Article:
The neuroscience of happiness and pleasure

Social Research: An International Quarterly 77 (2):659-678 (2010)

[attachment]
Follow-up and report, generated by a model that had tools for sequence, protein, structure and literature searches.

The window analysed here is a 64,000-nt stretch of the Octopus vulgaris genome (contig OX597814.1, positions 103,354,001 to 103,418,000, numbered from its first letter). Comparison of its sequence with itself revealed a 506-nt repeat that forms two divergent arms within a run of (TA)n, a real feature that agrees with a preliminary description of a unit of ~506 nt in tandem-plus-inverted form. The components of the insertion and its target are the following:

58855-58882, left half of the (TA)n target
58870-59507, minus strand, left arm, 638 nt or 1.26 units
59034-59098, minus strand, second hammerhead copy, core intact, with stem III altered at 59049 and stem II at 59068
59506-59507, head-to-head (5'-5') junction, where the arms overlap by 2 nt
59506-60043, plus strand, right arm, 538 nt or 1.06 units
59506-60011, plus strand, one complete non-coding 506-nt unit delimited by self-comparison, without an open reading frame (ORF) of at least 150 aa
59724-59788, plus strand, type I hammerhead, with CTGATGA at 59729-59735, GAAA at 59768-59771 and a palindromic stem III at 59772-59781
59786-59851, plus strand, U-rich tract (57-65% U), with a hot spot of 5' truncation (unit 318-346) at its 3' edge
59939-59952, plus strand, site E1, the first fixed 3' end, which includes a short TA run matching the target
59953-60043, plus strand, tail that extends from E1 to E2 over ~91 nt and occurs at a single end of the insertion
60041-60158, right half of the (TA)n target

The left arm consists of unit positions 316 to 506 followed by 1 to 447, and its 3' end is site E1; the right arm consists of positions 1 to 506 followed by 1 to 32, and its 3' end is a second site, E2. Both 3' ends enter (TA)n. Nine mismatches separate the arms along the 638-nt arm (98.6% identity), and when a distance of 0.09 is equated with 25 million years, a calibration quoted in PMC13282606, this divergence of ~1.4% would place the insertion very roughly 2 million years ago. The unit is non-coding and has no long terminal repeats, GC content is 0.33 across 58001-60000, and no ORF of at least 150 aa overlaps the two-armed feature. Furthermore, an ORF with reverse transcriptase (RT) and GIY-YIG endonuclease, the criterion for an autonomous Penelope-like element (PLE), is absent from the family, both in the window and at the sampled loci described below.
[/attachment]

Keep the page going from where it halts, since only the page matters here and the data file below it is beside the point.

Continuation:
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The pursuit of happiness is a preoccupation for many people — and probably has been ever since the emergence of Homo sapiens sapiens. The scientific understanding of the brain basis of happiness and its pursuit is, however, still in its infancy. Here we focus on recent scientific research on the closely related concepts of pleasure and desire, and discuss their underlying neural mechanisms and their roles in happiness. We also speculate on potential contributions of the brain's default networks to orchestrating cognitive aspects of meaningfulness that are important to happiness. Finally, we discuss how the lack of pleasure, anhedonia, is a central feature of emotional disorders such as depression and thus perhaps the most important obstacle to happiness for many people



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